6. Once you’ve selected the target area, the recording will automatically start (as indicated by a square within a circle in the top toolbar).
  7. Click the red button on the Movie Recording window. This will start your camera recording. Make sure to then minimize the Movie Recording window or move it behind another window or offscreen. We don’t want it visible in the screen recording.
  8. Perform the tutorial and, when you’re finished, click the stop button (square within a circle) in your top toolbar. Then open the Movie Recording window and stop that recording as well.
  9. After ending the recordings, you’ll be presented with the video footage from both your camera and screencast. Save these files (command + s) wherever you like.

Pro tip: How to record your iPhone screen

Quicktime is also a great free screen recorder for other devices, such as your iPhone. Just plug the device into your Mac, select “New Movie Recording” in Quicktime, and choose your device under the recording settings (the arrow next to the red button).

Keep in mind that because you’re using the Movie Recording mode to do this, you won’t be able to simultaneously record your camera.

Combining your webcam and screencast videos with iMovie

Once you’ve recorded and saved your raw tutorial footage, it’s time to make it shine. To begin, open iMovie and create a new project. Then:

  1. Import your screencast and webcam recordings by clicking the “Import Media” button or simply dragging and dropping the files into the media library.
  2. Drag the videos to your timeline, making sure to position the webcam video above the screencast video. (Think of these as layers. You want to layer the webcam footage on top of the screencast footage.)
  3. Select the webcam video block and, under the video overlay settings (the icon with two rectangles in the top right), set the overlay effect to “Picture in Picture.”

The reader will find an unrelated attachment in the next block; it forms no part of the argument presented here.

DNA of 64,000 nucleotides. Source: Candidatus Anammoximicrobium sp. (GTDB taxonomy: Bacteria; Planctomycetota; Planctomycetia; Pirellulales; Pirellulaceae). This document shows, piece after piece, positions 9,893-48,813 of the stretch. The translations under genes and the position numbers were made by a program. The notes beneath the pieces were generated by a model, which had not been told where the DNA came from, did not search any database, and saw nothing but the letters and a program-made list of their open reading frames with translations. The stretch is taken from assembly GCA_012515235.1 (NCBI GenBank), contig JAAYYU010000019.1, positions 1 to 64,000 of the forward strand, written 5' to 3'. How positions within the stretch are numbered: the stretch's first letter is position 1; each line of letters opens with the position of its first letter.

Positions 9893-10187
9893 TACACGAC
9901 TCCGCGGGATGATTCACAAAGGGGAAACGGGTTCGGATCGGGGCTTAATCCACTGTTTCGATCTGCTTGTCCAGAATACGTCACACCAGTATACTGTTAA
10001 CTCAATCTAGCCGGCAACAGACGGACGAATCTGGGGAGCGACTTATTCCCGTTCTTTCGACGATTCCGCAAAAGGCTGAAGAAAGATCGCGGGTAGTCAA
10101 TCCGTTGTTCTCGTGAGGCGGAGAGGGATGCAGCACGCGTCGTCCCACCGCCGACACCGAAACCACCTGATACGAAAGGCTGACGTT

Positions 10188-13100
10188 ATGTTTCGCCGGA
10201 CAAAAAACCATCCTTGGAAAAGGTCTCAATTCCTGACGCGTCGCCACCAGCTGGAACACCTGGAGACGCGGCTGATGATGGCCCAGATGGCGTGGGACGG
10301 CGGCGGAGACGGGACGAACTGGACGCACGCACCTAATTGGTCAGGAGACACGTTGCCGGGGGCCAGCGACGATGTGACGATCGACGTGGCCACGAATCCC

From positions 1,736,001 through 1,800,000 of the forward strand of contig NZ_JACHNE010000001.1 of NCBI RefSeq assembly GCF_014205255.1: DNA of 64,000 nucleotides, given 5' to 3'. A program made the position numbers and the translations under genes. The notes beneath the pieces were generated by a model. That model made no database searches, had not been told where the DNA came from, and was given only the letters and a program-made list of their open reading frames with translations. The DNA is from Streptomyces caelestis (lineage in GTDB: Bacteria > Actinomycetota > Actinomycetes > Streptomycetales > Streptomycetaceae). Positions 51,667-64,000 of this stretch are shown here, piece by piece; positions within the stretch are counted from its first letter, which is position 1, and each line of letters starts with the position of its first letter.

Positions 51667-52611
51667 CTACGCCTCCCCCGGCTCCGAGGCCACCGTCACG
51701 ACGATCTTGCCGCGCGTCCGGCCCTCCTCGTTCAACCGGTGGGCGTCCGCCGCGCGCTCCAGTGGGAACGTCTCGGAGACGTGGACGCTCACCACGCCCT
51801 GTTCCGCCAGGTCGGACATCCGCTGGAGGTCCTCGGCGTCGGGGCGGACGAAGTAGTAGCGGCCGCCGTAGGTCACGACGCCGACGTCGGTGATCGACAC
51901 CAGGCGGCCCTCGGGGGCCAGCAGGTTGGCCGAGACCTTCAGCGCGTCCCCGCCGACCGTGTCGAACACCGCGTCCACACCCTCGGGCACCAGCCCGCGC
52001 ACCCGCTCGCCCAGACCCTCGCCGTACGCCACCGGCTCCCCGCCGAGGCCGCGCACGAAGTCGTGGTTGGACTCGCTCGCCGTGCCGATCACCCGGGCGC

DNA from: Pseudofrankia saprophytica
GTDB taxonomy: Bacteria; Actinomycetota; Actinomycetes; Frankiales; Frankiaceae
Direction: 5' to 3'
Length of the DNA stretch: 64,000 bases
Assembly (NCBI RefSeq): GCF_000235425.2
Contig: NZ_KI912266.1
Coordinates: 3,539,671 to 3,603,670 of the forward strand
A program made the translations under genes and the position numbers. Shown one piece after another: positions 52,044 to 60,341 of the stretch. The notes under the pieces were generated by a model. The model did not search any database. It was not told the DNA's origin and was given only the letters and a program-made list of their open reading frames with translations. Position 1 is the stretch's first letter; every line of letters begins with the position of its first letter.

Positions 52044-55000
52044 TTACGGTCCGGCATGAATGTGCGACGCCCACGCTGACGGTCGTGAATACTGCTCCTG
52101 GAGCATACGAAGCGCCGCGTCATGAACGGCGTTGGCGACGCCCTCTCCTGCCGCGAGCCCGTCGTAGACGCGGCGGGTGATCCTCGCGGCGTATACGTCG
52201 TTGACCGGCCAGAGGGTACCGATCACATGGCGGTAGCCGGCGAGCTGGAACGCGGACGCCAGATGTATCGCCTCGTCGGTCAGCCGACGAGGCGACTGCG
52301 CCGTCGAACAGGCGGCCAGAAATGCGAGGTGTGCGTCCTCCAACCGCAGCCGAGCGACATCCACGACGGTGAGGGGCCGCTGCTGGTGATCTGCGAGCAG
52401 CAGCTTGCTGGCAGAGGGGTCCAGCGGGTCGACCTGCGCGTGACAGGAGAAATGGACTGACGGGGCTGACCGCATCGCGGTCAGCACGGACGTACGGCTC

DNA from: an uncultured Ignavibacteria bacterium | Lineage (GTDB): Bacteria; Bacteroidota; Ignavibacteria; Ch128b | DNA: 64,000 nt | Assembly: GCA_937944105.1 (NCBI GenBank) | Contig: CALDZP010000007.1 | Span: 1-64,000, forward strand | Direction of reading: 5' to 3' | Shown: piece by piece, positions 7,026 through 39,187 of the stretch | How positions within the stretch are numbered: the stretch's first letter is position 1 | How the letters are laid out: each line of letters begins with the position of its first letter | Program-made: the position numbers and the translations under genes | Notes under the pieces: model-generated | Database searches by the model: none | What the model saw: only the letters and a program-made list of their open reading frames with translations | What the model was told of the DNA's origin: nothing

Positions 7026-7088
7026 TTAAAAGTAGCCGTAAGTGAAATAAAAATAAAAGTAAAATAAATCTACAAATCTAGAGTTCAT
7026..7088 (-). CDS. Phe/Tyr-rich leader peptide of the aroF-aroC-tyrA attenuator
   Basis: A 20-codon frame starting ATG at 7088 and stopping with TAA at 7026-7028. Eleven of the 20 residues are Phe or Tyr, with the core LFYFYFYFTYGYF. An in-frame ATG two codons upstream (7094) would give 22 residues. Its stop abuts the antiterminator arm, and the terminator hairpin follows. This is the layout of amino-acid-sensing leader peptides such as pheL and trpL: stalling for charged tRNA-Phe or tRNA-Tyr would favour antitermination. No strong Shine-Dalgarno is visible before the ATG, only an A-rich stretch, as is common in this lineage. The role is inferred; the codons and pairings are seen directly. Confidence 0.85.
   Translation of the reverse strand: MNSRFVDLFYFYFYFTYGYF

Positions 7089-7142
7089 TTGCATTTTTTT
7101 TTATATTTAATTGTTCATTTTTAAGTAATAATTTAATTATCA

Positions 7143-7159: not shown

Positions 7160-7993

4. You may also need to change the crop style (click the icon between the painting palette and the camera icons) to “Fit.”
  5. In the video preview, drag the corners of the webcam video to make it smaller, and then move it wherever you like. (The bottom left part of the screen is a common choice.)
  6. Returning to the timeline, sync the videos by moving and/or trimming footage until the audio tracks from both recordings match up.
  7. Remove the audio from one of the videos by clicking the yellow line below the video and dragging down completely (until the waveform is gone).
  8. Go through and make cuts (command + b), transitions, and other adjustments as necessary. Be sure to adjust both video files at the same time so that they stay in sync.
  9. Polish your video by adding background music, title overlays, and any other embellishments you desire.
  10. Export the finished project by clicking the share icon in the top right and selecting “File.” This will export the final video to the location you define.

And that’s all there is to it! Congratulations: you’re now a screencasting superstar. I told you it would be easy.

I hope you found this guide useful. If you did, please drop me a comment over on YouTube and tell me what tutorials you’ll be making using this approach.

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Logan Nickleson

About the author: Logan is the founder of (and musician behind) Music for Makers — a simpler, more affordable music licensing solution for people who make videos, podcasts, and other creative stuff.